Why Not Talk Politics and Religion

There seems to be a general consensus in the United States that it’s not “proper” to bring up politics or religion in conversation with people, even friends.

There is a feeling that no one wants to engage in discussion on those topics. And when discussion does happen, it seems to devolve at the first sign of disagreement. Where the hell are the heated arguments? Why can’t one friend tell another friend that he is completely and utterly wrong in his belief that, for example, the building of the Keystone XL pipeline will have a positive economic stimulus on the nation? You don’t have to have your facts straight either. You can just yell back and forth and learn in the process.

To me, a “passionate” discussion has to be a way of life. Whether you’re talking about heavy literature, personal triumph or tragedy, why not challenge ourselves, without name-calling or personal attacks, but a simple debate of the issues from the biggest to the most minute.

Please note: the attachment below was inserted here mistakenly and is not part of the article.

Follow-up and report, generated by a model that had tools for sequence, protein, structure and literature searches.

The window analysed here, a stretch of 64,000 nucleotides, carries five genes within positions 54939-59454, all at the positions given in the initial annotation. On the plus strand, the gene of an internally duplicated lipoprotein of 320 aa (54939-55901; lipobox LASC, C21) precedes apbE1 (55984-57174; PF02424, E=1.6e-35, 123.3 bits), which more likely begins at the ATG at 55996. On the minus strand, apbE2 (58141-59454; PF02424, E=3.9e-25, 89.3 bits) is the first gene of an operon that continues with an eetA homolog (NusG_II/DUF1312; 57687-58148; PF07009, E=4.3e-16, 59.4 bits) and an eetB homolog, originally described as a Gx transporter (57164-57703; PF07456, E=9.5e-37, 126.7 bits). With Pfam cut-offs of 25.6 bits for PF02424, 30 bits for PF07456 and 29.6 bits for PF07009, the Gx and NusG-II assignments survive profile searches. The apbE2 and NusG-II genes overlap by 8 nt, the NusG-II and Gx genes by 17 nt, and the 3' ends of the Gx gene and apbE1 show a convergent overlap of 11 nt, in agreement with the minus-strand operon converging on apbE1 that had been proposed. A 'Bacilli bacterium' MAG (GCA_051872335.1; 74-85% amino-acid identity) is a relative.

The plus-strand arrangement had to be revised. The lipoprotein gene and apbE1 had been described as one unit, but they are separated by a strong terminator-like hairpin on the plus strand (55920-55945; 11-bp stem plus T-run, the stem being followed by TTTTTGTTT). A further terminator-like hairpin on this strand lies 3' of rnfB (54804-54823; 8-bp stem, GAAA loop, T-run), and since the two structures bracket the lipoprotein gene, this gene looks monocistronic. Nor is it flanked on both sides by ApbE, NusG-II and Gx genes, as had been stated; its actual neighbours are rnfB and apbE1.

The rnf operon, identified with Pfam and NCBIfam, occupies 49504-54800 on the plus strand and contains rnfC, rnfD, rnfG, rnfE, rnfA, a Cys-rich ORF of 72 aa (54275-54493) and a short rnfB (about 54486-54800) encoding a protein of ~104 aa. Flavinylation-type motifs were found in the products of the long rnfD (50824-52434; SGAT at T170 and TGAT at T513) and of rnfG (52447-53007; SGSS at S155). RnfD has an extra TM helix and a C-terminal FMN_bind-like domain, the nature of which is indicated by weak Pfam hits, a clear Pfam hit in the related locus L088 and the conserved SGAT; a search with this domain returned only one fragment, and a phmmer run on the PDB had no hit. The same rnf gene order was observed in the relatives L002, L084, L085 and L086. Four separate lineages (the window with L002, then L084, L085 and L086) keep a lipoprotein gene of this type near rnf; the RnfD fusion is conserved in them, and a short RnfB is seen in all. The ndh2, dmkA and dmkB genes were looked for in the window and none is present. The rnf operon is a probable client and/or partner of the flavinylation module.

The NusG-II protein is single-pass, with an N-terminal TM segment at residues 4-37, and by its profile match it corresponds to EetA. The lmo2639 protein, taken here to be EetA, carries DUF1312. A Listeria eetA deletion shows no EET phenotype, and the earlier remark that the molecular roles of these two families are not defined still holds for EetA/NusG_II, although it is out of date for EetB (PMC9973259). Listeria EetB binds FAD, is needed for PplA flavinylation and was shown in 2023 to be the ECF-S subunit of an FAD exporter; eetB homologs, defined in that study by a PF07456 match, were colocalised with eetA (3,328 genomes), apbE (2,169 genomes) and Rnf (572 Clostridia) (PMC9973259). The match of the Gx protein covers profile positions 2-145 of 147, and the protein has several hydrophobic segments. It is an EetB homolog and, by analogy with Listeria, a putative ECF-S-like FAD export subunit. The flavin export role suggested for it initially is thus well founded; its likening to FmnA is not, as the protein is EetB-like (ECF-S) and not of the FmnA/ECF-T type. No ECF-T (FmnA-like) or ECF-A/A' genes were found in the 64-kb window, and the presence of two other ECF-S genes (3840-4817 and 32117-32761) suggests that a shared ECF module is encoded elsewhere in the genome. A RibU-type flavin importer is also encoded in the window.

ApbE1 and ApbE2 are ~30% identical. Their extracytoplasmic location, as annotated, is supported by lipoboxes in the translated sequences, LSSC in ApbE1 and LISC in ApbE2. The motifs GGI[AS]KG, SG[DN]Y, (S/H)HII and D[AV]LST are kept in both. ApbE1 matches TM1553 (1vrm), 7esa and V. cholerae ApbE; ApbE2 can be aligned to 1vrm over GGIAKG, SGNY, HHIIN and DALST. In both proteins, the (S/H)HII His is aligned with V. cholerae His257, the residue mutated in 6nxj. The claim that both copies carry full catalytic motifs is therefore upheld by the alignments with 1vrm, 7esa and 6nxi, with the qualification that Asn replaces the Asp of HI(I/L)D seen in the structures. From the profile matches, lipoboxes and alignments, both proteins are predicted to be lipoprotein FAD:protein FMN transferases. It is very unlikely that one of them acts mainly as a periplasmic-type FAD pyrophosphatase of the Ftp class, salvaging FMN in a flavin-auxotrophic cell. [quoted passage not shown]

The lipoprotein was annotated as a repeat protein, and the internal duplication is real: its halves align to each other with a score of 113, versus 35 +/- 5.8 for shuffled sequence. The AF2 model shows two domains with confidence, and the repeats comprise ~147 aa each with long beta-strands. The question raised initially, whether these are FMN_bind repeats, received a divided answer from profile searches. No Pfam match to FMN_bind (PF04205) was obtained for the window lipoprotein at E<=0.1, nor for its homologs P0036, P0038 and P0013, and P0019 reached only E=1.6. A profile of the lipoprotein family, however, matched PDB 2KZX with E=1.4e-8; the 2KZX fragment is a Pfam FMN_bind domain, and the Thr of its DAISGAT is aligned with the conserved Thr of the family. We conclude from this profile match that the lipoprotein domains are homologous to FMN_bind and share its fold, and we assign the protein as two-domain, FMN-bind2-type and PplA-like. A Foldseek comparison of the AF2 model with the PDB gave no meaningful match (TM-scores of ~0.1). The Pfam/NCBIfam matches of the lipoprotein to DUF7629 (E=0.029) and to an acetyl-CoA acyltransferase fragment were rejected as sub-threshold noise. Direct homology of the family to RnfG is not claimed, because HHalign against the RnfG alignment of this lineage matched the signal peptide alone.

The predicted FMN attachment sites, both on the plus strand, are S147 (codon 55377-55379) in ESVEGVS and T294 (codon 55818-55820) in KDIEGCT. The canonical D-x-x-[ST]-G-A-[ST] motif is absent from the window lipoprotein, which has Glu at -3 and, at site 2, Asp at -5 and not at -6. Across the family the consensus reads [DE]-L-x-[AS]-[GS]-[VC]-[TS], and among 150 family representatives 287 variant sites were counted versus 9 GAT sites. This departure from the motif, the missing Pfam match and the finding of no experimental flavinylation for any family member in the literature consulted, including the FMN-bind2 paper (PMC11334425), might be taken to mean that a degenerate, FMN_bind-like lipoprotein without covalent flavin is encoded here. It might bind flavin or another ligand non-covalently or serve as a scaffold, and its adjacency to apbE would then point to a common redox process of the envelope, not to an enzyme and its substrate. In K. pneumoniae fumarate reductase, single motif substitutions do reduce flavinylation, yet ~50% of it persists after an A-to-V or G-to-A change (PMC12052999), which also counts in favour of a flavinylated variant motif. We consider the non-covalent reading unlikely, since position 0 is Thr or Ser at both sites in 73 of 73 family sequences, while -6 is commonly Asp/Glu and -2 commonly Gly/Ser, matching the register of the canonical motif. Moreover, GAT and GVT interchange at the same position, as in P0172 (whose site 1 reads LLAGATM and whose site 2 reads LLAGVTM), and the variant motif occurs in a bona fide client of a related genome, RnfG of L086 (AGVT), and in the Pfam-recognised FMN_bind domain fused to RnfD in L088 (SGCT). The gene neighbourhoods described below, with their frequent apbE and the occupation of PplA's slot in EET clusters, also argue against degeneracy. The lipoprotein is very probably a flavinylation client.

Of course, there are different personalities out there. Some love confrontation, some hate it, but I don’t see a statement like “interesting point, but I still disagree” as confrontational. I see it as invitational; it’s saying “let’s think and learn about this crap together”. But perhaps it is true, that the subjects of politics and religion are fundamentally plagued with emotional landmines and so as conversation topics they are breeding grounds for strong disagreement. So, for now maybe I’ll stick to philosophy, science, literature, and the weather.

0 thoughts on “Why Not Talk Politics and Religion

  1. John j cadegan

    I would like to know if there are any places in the Grand Rapids area where
    You can discuss religion and politics????????


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